Oct 292012
 

I’m learning that there are all sorts of different ways of being alone. There’s a spectrum, really, and I think we need more words to describe the various points one can be on it. Maybe these words already exist and I just haven’t learned them yet.

In Fes, I was mostly by myself but rarely ever alone. The night I arrived there, I walked through the streets to dinner with an Argentinean staying at the riad, despite myself, to be honest. Apparently three days in Tangier wasn’t enough to fully recharge me, because when Guido said he was going to dinner and asked if anyone wanted to join, the only thing that stopped me from saying no was my manners – I was just about to walk out the door myself. On the way to a restaurant he wanted to try but ultimately couldn’t find, we ran into Phil, an Australian I knew from Marrakech. Morocco is small like that. So is the world, for that matter. He was also going to dinner, and joined us.

When you prefer to be alone, two is a crowd, but three can be ok company. It’s easier to withdraw. Throughout dinner and the hours we spent the next day, exploring the medina and then watching the light fade over the old city from some Roman ruins on a hill, I likely spoke more to the people we met than I did to my two companions (despite actually liking them both, especially Phil).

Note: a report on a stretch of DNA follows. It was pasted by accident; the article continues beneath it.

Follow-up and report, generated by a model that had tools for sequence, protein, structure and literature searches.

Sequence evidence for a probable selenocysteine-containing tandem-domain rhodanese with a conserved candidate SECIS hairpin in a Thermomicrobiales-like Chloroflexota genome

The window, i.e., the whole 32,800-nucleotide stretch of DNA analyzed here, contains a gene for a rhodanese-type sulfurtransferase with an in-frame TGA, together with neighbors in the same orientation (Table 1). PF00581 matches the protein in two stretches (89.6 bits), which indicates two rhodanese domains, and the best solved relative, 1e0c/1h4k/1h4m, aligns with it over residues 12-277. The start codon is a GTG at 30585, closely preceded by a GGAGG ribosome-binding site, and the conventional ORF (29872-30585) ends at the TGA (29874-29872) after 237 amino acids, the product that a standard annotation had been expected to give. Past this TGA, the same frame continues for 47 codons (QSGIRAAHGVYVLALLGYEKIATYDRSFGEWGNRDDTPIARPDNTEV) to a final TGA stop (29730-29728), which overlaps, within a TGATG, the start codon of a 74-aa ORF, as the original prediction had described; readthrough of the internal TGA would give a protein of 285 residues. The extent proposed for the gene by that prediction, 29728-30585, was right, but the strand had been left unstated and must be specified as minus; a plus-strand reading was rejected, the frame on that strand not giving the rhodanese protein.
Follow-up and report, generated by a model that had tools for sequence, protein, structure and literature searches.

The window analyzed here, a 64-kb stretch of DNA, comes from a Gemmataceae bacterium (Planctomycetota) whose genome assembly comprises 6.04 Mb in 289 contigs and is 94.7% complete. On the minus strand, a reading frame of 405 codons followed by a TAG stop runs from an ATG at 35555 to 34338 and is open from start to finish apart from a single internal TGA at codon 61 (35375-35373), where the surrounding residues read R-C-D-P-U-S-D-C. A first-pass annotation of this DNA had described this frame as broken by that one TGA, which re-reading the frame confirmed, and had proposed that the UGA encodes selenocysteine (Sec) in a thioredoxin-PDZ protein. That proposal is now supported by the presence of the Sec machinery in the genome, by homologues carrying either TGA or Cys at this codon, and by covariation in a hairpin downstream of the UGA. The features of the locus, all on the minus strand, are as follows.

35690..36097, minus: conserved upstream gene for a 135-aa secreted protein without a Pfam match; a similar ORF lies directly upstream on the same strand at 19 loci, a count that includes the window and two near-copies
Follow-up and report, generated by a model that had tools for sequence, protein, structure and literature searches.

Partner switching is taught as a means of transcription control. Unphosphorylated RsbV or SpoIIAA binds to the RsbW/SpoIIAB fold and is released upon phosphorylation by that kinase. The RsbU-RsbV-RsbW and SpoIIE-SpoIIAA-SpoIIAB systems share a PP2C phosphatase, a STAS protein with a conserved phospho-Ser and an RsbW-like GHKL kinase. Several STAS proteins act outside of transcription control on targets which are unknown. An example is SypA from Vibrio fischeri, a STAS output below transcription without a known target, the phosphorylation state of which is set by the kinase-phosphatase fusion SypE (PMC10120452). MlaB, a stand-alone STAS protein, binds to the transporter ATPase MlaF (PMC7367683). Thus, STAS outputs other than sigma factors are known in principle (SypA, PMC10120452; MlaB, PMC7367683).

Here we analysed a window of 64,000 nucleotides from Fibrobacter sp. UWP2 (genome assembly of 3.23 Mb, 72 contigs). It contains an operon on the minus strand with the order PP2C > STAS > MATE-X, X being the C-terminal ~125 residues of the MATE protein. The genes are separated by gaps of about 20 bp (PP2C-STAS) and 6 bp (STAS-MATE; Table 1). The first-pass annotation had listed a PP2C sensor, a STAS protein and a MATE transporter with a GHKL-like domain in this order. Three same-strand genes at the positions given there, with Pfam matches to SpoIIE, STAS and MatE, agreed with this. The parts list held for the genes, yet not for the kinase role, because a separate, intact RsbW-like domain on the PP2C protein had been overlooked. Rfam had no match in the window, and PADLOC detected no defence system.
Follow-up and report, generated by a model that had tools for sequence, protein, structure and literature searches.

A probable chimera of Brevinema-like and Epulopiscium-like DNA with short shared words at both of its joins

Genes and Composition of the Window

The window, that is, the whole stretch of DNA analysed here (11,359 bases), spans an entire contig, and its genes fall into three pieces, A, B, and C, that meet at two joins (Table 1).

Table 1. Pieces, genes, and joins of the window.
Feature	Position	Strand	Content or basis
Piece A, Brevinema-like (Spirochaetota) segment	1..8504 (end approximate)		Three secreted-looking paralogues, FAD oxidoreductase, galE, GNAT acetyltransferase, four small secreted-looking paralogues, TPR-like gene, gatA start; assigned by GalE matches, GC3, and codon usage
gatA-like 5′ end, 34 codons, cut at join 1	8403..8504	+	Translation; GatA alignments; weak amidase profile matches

Fes was sort of like that for me. Except for Eid, (which I’ll write about soon) I don’t think I did anything particularly spectacular, and yet I also somehow went six days without writing. And I should note that I was unequivocally thrilled to meet three Dartmouth students from the Foreign Study Program in Tangier, plus one visiting alumna girlfriend, right in my riad. One of the students, a ’14, had talked to me about potentially transferring from Dartmouth two years ago, and I never knew, until seeing her in Fes, what she’d ended up deciding. All of that was truly wonderful. And yet…

* * *

There’s another kind of alone you feel when you’re in motion, by yourself. Maybe it’s what people are looking for when they “go for a drive.” I feel it nearly every time I walk onto a train platform, my bag over my shoulder, the cars stretched out before me. It’s like escape, except not from anything. It’s just about the motion, the passing of the landscape. You feel it more acutely when the train leaves the station and you’re still the only one in your compartment. You stand. You think of the J.G. Hamann quote you encountered in The Songlines, “When I rest my feet my mind also ceases to function.” The train picks up speed. The amber hills pass by, and there – a shepherd gathers his flock. It’s 40 minutes to Meknès.

Disembarking – now we’re on to something different. You’re in a sea of people, descending the stairs to pass under tracks 1 and 2, but you’re feeling perilously close to that line which separates solitude from isolation. “What am I doing he—never mind, just find a taxi.” But the driver doesn’t seem to want to talk, and your bag, at least a familiar thing to look at, is, you hope, hanging on through the corners in the tiny roof rack. You pull out your phone to take a picture to share later on Instagram. For that moment you’re connected with your friends who might see it, and think of you. The cab ride is over.